Four Indian boxers who won gold medals at the Women’s World Boxing Championships in the capital last March are yet to receive their winner’s cheque. Nitu Ghanghas (48kg), Paris Olympics-bound duo of Nikhat Zareen (52kg) and Lovlina Borgohain (75kg), and Saweety Boora (81kg) became world champions in the March 15-26 competition that saw participation from 65 nations. They were handed dummy cheques after the medal ceremony but are still awaiting actual cheques from the International Boxing Association (IBA).

Nikhat Zareen in action(PTI)

The winner’s prize money in the elite competition was $100,000 and the total prize purse was $2.4 million. India ended the competition on top with four medals, all gold. The aggrieved boxers have sent multiple reminders to the IBA over the past year but haven’t received a convincing answer.

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Ghanghas, who is also the reigning Commonwealth Games champion, has written four letters to IBA so far — in November, January, April, and May — requesting for her prize money. She is yet to get a written response. The letters, in possession with HT, were addressed to IBA president Umar Kremlev and copied to Ajay Singh, president of the Boxing Federation of India (BFI).

Ghanghas also won the Strandja Memorial competition in Sofia, Bulgaria in February 2022 and is yet to receive the cheque of $4000.

“IBA honoured the winners of the competition by a dummy cheque but has not provided the amount till date. It is injustice to the boxers and the whole boxing family,” she wrote on May 14 this year, her most recent reminder.

“Nitu comes from a very humble background and the prize money will certainly help her in terms of access to better training equipment, nutritional supplements and quality of life. I urge BFI to step in and facilitate the disbursement of the deserved prize money,” Ghanghas’ coach from the famed Bhiwani Boxing Club, Jagdish Singh, said.

“We have had verbal discussions with top BFI officials but no one seems to have a clue,” Singh, who is credited with guiding Vijender Singh to the Olympics bronze in 2008 Beijing Games, added.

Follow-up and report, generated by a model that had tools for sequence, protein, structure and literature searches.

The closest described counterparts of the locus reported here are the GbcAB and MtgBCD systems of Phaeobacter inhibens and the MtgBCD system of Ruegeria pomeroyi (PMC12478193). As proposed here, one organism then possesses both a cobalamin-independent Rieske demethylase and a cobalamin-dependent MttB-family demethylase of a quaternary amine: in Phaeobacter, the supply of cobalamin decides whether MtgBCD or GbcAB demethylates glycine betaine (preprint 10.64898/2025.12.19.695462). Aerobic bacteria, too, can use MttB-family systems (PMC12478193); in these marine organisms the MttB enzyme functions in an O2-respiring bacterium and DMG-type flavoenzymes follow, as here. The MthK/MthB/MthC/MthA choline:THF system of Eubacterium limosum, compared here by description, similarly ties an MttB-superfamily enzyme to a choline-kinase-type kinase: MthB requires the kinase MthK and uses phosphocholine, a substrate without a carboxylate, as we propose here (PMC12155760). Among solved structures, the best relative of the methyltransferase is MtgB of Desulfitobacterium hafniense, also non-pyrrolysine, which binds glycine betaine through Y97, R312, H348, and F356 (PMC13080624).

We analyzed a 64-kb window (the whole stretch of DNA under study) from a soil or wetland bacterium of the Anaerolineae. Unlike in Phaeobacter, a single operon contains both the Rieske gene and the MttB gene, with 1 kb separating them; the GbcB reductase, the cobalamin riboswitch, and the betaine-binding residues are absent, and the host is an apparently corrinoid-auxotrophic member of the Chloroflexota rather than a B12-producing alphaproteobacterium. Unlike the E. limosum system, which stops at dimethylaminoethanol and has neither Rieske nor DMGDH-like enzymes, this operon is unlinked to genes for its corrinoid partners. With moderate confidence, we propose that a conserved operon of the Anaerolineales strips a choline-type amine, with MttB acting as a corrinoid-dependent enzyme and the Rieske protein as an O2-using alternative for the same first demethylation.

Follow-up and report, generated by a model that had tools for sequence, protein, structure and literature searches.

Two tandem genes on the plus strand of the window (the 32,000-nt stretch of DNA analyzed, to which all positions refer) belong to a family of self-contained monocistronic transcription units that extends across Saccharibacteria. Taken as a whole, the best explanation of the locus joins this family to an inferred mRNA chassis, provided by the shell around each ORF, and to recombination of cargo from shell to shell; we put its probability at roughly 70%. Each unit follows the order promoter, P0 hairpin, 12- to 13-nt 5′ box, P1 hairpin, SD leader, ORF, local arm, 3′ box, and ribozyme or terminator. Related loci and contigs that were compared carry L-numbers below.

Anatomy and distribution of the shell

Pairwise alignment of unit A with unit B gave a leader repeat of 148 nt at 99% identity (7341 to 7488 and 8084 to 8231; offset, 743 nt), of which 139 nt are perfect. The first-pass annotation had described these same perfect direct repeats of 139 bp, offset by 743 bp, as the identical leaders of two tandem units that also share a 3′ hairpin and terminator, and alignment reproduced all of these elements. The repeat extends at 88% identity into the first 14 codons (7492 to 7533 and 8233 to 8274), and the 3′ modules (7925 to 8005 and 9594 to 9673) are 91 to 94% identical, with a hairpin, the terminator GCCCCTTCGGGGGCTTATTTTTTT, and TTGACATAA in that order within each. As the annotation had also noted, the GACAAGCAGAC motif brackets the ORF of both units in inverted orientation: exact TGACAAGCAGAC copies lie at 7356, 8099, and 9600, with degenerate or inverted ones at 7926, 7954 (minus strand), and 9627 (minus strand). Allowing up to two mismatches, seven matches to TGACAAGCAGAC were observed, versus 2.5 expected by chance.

Ghanghas, who is employed with Reserve Bank of India as an Assistant Manager, is the sole earning member in her family of five. Her father, Jai Bhagwan, was relieved of his services as a bill messenger in Haryana assembly last year.

“She is part of the TOPS Development group, which assures her of a monthly allowance of Rs. 25,000. But running a family of five all by herself while concentrating on her training is not easy. It definitely plays on her mind,” Jai Bhagwan said.

Boora said she has lost all hopes of getting her prize money. “Usually, we get the money in 6-8 months but this is taking unusually long. I don’t know if I will ever get it. I have had conversations in BFI and IBA but haven’t received a solid response yet,” Boora, who is an Income Tax Officer, said.

“The supplements alone cost me around 30,000 and there are other nutritional and training needs. I have been managing it through my salary but it is not easy,” said Boora who is not covered under TOPS.

BFI said they are in correspondence with IBA and are hoping for a resolution soon.

“We understand the seriousness of this issue and are working to reach a solution. We have served several reminders to them. Just last month, Deepak Bhoria won IBA Champions’ Night in Madrid by beating local favourite Martin Molina. Even he was sent home with just a dummy cheque,” federation’s Executive Director Colonel Arun Malik said.

BFI has joined IOC-backed World Boxing but hasn’t formally broken ties with IBA yet. Ajay Singh, in fact, remains the vice-president of IBA.

“It’s not fair to suggest that BFI will not have a voice in IBA anymore. We will do the best we can for our boxers,” Malik said.

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